Persecution in Kazakhstan of the Khrapunovs’ relatives and colleagues because of their family ties with opposition politician Ablyazov

Persecution in Kazakhstan of the Khrapunovs’ relatives and colleagues because of their family ties with opposition politician Ablyazov

February 2 2009 saw a forced nationalization of BTA Bank, in which Mukhtar Ablyazov, a political opponent of president Nazarbayev, who is now our son’s father-in-law, was the key shareholder.

The bank owned by Mukhtar Ablyazov was in effect taken over by a member of the Nazarbayev clan, one of his sons-in-law, Timur Kulibayev, the chief executive of joint stock company Samrouk Kazyna Foundation.

On 29 September 2009, Deputy Minister of Emergency Situations Ablai Sabdalin, formerly an assistant to Victor Khrapunov, was arrested on a trumped-up charge.

The members of Kazakhstan’s special services tried to coerce Sabdaline into giving false testimony against Khrapunov, but after they had failed to obtain this, he was sentenced to 10 years in a maximum security penitentiary facility and a confiscation of property.

In September 2010, my sister Gaukhar Iliyasova and her husband Ayar Iliyasov together with their two underage children had to flee from Kazakhstan following threats against Ayar Iliyasov from the law enforcement authorities, and the National Security Committee’s regular surveillance of Ayar and my parents and tapping their telephone conversations.

On 20 may 2011, my parents, Kalibek and Rasilya Daniyarov, after clearing customs and border control at the Almaty airport, were taken off their flight right in front of the plane they were about to board, with no explanations provided. In this barbaric manner they were forbidden to leave Kazakhstan.

In ten days’ time, on 30 May 2011, my parents were for the second time kept by force in the Almaty airport, although after the first incident there my father, Kalibek Daniyarov, suffered a stroke and a heart attack in the night of 21 May 2011.

Following this, National Security Committee and Financial Police officials, in particular, Special Investigation Officer, lieutenant colonel Sergei Perov, made no scruple to interrogate the 80-year-old Kalibek Daniyarov for six hours on 30 May 2011 right in the airport as my father stayed in a wheelchair with an official diagnosis of apoplectic stroke and myocardial infarction. He was being accompanied by a doctor and my mother, Rasilya Daniyarova, intending to take him to Moscow by an ambulance plane for treatment.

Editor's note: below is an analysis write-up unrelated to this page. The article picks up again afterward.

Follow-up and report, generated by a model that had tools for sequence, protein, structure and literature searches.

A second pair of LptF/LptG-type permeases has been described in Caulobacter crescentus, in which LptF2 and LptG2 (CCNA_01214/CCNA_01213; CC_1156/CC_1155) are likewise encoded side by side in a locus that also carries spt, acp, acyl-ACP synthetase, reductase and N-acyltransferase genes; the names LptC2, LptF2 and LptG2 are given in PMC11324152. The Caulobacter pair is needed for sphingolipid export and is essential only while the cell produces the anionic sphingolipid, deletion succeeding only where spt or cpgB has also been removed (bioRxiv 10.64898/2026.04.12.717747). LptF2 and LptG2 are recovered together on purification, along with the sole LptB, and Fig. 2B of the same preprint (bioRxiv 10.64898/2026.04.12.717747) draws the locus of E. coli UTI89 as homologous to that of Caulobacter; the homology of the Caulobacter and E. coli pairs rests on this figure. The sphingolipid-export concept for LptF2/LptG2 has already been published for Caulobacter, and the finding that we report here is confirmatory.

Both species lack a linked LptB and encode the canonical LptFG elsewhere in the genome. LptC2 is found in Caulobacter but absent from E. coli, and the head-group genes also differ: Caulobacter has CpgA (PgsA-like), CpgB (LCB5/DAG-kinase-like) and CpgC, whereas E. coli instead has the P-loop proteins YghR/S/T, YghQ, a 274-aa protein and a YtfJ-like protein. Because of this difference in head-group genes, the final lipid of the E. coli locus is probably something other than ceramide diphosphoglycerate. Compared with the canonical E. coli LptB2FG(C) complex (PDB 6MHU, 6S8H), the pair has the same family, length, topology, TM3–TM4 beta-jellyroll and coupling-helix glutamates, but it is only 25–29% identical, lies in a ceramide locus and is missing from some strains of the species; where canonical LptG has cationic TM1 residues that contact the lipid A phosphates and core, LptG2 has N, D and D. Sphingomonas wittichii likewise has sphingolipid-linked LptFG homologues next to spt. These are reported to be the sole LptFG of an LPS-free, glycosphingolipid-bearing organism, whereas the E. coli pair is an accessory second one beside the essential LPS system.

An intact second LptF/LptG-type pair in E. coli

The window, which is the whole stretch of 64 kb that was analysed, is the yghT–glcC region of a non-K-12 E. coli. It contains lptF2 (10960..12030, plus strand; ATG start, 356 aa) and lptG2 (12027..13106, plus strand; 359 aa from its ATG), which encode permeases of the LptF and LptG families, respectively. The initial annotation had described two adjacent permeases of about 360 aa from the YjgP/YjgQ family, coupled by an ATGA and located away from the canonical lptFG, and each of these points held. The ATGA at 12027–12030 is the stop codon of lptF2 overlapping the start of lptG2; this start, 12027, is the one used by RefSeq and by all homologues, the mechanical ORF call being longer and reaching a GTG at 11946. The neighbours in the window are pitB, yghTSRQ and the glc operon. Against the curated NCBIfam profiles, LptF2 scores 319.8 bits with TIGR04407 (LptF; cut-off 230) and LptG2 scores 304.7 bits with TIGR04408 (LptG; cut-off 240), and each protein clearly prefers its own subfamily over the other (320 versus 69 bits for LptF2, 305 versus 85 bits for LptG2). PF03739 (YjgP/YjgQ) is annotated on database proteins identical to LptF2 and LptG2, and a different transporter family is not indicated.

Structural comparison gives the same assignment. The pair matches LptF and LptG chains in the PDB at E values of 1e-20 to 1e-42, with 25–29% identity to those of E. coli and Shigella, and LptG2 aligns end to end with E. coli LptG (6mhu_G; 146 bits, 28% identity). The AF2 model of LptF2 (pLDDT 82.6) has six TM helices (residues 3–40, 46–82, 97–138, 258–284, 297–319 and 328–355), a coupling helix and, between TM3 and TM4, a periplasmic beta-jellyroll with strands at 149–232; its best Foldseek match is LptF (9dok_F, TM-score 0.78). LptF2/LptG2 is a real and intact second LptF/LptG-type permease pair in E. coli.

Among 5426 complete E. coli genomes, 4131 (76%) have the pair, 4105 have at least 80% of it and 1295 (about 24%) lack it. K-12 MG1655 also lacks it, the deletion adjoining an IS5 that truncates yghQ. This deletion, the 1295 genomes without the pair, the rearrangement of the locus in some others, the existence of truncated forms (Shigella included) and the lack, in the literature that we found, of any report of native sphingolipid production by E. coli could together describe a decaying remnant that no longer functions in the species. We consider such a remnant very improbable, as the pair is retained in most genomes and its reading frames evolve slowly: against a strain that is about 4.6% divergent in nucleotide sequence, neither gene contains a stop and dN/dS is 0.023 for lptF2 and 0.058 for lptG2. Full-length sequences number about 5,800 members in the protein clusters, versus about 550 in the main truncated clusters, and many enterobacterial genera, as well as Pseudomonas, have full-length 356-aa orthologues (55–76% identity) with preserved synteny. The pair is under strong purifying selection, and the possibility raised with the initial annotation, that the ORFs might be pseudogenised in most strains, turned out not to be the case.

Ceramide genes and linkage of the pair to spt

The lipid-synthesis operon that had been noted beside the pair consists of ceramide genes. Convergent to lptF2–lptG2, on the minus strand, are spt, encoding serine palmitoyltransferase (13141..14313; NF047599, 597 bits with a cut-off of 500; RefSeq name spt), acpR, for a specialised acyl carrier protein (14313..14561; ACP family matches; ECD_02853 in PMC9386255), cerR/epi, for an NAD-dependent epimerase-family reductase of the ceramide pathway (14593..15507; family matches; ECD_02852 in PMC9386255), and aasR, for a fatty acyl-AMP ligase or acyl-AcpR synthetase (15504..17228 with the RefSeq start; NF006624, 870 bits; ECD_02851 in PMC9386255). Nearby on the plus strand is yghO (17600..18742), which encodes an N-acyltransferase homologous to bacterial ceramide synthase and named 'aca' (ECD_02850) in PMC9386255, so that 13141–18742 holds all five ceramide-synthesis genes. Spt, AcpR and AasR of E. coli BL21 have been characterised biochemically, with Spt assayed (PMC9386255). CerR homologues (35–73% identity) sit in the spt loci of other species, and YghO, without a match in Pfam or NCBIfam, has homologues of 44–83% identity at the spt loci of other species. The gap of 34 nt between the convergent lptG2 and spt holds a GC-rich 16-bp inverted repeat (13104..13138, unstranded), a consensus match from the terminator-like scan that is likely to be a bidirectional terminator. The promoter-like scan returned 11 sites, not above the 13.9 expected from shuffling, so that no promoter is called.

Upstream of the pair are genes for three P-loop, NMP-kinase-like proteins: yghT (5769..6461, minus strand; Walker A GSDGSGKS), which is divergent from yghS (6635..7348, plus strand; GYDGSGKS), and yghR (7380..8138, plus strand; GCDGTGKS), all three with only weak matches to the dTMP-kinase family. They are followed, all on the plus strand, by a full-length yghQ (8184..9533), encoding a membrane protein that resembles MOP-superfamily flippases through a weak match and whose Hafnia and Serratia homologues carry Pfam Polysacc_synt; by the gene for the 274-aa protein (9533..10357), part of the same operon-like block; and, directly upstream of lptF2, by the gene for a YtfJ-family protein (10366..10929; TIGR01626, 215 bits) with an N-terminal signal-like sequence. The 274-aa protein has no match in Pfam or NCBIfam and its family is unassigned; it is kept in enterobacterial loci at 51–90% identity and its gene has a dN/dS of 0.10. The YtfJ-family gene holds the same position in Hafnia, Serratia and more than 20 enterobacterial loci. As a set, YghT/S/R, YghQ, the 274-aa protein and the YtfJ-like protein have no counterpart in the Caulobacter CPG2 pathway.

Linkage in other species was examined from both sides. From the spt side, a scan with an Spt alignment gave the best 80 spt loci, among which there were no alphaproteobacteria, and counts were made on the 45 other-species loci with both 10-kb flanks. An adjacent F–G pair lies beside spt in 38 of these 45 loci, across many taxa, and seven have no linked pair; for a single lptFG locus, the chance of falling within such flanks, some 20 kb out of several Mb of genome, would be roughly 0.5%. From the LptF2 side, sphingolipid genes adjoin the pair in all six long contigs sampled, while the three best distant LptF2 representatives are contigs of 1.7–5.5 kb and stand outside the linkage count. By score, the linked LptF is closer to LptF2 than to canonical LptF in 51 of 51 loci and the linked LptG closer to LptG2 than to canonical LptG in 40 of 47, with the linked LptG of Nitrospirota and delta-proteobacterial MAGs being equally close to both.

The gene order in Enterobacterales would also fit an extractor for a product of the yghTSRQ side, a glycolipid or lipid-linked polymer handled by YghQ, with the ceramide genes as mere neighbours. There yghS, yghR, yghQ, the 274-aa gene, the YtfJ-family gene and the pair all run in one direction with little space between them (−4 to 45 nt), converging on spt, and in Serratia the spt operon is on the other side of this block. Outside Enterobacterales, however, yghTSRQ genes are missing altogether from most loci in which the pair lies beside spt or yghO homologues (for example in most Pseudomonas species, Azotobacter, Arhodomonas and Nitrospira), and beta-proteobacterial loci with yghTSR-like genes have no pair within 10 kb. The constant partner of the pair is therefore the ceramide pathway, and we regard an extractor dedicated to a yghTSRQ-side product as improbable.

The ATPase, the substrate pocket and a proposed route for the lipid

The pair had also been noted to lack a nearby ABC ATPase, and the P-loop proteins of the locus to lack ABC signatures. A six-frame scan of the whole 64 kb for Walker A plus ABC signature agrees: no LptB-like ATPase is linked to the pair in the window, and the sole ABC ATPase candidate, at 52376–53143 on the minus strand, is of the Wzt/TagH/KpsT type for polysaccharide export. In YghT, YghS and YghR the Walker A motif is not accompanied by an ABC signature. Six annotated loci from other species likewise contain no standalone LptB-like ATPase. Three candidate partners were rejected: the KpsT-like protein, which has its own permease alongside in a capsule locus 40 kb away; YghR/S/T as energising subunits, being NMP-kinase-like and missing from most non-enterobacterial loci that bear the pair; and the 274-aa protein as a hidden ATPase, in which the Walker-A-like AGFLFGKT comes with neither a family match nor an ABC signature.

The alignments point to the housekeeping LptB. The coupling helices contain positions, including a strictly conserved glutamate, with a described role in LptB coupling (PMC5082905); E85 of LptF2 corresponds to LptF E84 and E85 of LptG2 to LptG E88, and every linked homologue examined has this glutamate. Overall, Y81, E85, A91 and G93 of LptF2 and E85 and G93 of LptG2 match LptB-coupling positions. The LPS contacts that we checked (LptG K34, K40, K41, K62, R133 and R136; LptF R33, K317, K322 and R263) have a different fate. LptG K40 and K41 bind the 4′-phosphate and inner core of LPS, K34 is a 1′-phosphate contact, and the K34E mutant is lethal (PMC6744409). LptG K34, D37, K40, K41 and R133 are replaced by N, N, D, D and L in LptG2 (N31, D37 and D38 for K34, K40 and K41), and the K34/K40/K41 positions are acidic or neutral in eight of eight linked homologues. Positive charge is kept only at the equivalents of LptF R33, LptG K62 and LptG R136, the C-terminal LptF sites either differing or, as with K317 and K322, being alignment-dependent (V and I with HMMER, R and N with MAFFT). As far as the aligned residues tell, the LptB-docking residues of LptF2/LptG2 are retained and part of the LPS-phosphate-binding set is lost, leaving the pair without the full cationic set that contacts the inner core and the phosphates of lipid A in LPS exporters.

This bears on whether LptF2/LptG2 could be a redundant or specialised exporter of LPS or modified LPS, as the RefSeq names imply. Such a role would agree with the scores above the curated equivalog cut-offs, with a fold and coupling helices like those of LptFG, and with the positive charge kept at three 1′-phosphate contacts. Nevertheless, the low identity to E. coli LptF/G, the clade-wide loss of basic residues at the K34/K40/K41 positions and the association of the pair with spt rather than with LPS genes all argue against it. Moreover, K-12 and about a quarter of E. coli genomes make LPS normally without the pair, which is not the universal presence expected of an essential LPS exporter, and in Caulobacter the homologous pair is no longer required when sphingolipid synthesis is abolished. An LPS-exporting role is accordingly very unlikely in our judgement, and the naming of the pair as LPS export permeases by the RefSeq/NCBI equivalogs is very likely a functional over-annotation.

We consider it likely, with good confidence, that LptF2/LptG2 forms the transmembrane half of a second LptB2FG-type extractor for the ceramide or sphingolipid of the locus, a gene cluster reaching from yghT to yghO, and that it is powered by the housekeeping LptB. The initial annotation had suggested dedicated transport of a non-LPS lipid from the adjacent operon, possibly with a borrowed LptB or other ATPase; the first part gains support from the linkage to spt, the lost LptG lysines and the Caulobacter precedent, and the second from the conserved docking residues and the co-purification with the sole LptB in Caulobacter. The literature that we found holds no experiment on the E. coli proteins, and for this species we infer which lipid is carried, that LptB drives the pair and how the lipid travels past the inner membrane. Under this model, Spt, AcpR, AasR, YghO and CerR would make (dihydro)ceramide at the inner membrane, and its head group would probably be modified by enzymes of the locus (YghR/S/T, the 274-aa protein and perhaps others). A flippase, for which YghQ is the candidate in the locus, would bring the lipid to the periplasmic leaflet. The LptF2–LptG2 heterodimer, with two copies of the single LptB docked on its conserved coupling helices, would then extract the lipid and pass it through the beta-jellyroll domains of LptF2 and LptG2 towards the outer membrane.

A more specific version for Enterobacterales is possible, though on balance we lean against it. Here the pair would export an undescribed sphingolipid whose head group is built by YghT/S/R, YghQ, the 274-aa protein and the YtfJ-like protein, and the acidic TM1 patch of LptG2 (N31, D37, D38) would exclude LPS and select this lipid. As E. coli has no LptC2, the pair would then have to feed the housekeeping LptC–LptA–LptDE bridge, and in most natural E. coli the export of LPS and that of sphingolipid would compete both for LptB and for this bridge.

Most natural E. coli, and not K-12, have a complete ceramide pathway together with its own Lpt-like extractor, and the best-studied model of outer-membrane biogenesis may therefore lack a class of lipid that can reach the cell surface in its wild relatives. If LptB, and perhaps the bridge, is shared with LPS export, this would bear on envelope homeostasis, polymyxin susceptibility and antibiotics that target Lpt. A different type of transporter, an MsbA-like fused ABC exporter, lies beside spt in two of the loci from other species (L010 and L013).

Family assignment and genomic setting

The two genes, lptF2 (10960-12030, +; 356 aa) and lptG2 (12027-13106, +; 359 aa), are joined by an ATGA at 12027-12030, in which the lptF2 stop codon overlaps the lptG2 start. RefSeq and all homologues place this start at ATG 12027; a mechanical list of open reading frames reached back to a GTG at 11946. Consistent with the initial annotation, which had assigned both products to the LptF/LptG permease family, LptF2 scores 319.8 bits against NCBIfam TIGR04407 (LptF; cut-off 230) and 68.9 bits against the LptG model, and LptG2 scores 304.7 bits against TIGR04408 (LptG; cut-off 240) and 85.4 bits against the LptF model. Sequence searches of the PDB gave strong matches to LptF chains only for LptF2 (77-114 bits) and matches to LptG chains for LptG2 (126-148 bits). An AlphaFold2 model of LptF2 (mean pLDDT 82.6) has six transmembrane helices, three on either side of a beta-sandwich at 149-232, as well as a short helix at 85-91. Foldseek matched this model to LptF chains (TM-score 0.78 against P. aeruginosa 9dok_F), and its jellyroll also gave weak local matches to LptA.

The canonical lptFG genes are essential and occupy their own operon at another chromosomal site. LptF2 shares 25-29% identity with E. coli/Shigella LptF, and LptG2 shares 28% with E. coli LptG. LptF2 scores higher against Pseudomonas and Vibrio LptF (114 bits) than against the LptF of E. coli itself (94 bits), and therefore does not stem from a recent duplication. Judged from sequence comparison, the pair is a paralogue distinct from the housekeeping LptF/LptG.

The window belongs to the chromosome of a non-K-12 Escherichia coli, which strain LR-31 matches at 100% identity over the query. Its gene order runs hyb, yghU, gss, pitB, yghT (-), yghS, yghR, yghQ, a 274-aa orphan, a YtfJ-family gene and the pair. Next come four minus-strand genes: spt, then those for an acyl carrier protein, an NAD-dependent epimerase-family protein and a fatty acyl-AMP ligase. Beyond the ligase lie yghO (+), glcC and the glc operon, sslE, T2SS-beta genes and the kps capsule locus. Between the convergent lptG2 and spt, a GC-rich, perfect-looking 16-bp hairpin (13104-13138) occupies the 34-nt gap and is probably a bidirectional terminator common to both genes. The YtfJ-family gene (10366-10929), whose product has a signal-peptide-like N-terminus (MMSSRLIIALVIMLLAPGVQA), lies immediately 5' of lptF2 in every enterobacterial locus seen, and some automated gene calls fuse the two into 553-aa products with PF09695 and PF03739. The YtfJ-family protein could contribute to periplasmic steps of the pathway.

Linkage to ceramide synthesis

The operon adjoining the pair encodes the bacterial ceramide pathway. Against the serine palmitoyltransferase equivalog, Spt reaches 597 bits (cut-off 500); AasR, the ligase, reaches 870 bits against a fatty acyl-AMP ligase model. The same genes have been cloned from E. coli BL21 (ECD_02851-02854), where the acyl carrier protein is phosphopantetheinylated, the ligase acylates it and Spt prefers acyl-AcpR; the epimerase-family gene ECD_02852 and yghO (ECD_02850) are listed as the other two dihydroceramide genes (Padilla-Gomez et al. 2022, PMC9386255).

On 23 June 2011, in the course of investigation procedures conducted by the Financial Police investigator Sergei Perov, my former colleagues were unlawfully taken into custody before a court trial to put pressure on them in a pretrial detention facility where they were kept from three to six months to make them give false testimony against the Khrapunovs and themselves. This is an infringement of a person’s civil and political rights under International Covenant on Civil and Political Rights, Article 14: “Not to be compelled to testify against himself or to confess guilt”.

International human rights experts have recorded in Kazakhstan cases of investigators putting psychological pressure on witnesses in pretrial detention centers.

In this manner, the Financial Police investigator Sergei Perov, aiming to put psychological pressure on former employees of Phoenix Holding, within an amazingly short time trumped up a charge against former Phoenix Holding employee Ablaikhan Karymsakov who, prior to being involved in the case as a witness, terminated his employment at the holding at least five years before its official liquidation.
What the hasty arrest of the former Phoenix Holding employee Ablaikhan Karymsakov aimed to achieve, was, as investigator Perov’s strategy assumed, to coerce other former holding employees into giving false testimony against the Khrapunovs out of fear that they would be unlawfully taken into custody.
Using psychological pressure and unlawful intimidation methods as part of investigation procedures, the unscrupulous investigator from 2011 to 2012 applied duress to former employees of the company which underwent official liquidation proceedings in 2006–2007. This means that Kazakhstan financial authorities had no claims on Phoenix Holding back in 2007. It would also be fair to note that Victor Khrapunov in 2004 left his post of the city of Almaty mayor and was thus unable to influence my business and Phoenix Holding liquidation proceedings.
What is worth special mention is that that financial department experts of Phoenix Holding’s companies whom investigator Sergei Perov for several months kept in pretrial detention centers were women, some with underage children.